Director and designer Brandon Pape has conjured (no pun intended) an atmosphere that is playful and eerie for Ghost Quartet to enchant its audiences with numerous entangling tales and characters. This song cycle about “love, death, and whisky” is sometimes relaxing, sometimes humorous, and sometimes genuinely chilling – but always enchanting. Storytelling is at the heart of Ghost Quartet, and Pape’s loungeroom-reminiscent setting – a place we often feel most comfortable – becomes the home of unnerving spectres as both original and familiar fables unravel. Malloy’s text must be mined for meaning, and Pape has translated layers of riddles into a moving and theatrically rich staging.

Musical Director David Butler has masterfully interpreted Dave Malloy’s malleable (or Malloyable?) score with grit and slickly rehearsed precision. You would be hard-pressed to find four voices that harmonise and blend as seamlessly as this cast who also play every note live: across piano, cello, drums, ukulele, synthesizers, organ, and other musical oddities. Not only have these four performers memorised the entire 90-minute score (a feat many pit musicians would struggle with), but perform an entire fifteen-minute section in pitch darkness. Audience members are also sometimes given the chance to contribute with percussive instrumentation – take the invitation if it’s offered.

Melissa David’s voice is a powerhouse of passion, delivering mesmerising numbers such as ‘Starchild’ and finalé ‘The Wind and Rain’ with both severity and sensitivity. Willow Sizer’s bewitchingly unique voice can seemingly transcend substance and style, becoming a terrifying instrument of its own amid the darkness. David Butler charms with improvised dialogue and delivers striking, dynamic and controlled vocals, and Patrick Schnur is cellist extraordinaire (turn a cello on its side and it can become a quasi-banjo, who knew?), often rounding out the quartet with invigorating baritone vocals.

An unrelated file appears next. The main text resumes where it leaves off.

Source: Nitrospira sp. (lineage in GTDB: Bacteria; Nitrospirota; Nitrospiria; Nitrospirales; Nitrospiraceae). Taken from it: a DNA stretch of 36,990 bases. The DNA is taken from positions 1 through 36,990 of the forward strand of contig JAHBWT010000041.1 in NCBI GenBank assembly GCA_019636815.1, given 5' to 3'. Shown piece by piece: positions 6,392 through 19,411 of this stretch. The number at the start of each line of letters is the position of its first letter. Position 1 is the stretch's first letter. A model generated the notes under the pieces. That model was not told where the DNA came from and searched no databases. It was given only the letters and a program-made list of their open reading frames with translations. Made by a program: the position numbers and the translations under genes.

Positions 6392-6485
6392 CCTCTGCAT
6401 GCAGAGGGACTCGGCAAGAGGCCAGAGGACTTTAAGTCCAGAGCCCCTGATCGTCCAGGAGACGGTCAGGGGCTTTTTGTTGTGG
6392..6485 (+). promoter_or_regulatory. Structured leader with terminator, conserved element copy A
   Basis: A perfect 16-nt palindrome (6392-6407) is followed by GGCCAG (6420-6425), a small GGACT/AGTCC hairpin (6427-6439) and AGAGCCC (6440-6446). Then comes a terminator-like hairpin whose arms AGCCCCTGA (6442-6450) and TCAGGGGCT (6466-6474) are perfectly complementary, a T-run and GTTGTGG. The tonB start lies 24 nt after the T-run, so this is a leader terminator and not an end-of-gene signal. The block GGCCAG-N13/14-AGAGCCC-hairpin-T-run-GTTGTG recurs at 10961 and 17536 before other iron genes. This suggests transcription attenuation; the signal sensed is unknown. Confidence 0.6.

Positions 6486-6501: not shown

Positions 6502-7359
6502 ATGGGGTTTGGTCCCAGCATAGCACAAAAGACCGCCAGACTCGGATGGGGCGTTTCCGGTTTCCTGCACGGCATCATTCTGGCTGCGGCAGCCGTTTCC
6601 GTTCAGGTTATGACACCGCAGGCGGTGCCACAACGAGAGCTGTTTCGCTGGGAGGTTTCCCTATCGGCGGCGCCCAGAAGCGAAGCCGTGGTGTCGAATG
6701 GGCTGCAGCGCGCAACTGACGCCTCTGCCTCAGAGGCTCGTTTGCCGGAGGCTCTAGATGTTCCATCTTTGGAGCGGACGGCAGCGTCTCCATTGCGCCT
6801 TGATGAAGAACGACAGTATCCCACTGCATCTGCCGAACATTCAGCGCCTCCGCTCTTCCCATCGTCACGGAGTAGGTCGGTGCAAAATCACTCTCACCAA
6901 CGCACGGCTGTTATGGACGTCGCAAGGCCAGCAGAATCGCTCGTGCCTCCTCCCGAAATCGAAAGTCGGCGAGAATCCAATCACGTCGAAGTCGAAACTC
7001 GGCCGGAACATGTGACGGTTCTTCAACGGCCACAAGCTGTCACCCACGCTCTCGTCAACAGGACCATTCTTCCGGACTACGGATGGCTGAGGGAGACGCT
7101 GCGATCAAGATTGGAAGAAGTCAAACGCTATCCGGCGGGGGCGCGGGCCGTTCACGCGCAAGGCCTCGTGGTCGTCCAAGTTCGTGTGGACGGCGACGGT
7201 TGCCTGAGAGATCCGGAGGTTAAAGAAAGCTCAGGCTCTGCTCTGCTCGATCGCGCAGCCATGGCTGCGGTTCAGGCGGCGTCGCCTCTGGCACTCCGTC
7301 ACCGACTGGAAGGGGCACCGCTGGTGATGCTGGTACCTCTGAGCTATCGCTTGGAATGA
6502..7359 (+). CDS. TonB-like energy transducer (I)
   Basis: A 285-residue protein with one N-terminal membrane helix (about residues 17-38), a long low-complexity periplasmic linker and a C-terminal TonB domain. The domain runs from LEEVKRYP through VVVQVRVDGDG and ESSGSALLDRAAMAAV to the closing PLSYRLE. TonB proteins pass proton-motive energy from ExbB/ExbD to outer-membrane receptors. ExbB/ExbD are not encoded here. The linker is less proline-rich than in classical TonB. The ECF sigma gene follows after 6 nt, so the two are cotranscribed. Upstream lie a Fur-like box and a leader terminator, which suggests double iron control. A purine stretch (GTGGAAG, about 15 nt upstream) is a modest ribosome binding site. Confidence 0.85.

Lighting design by Brandon Pape and Lachlan McLean is some of the most effective and evocative I have ever seen. Each song has a distinct and specific flavour, and the intimate Studio space of Gasworks transforms seamlessly into countless locations, both physical and conceptual. Sound Designer Jedd Schaeche is presented with a difficult challenge – an audience seated in the round with acoustic instruments playing in the same space live makes replicating the same balance for every seat near impossible. Unfortunately this means lyrics are often difficult to hear when the music is driving hard, a hinderance to an already oftentimes confusing and complicated book by Malloy.

To quote one audience member as they were leaving the theatre, “that last section has left me feeling sleepy, like I’m in a trance.” Ghost Quartet is a warmly hypnotic experience and a rare gem of a show, which this cast and creative team have brought to life with perfection.

Playing only until August 23rd at Gasworks Arts Park (finishing with a special ghostly 10pm show on the Friday). Tickets: https://antipodestheatre.com/ghostquartet

Photography by Lauren Boeren

Gothic: a journey through Gothicism in music

Oh, to go a little Goth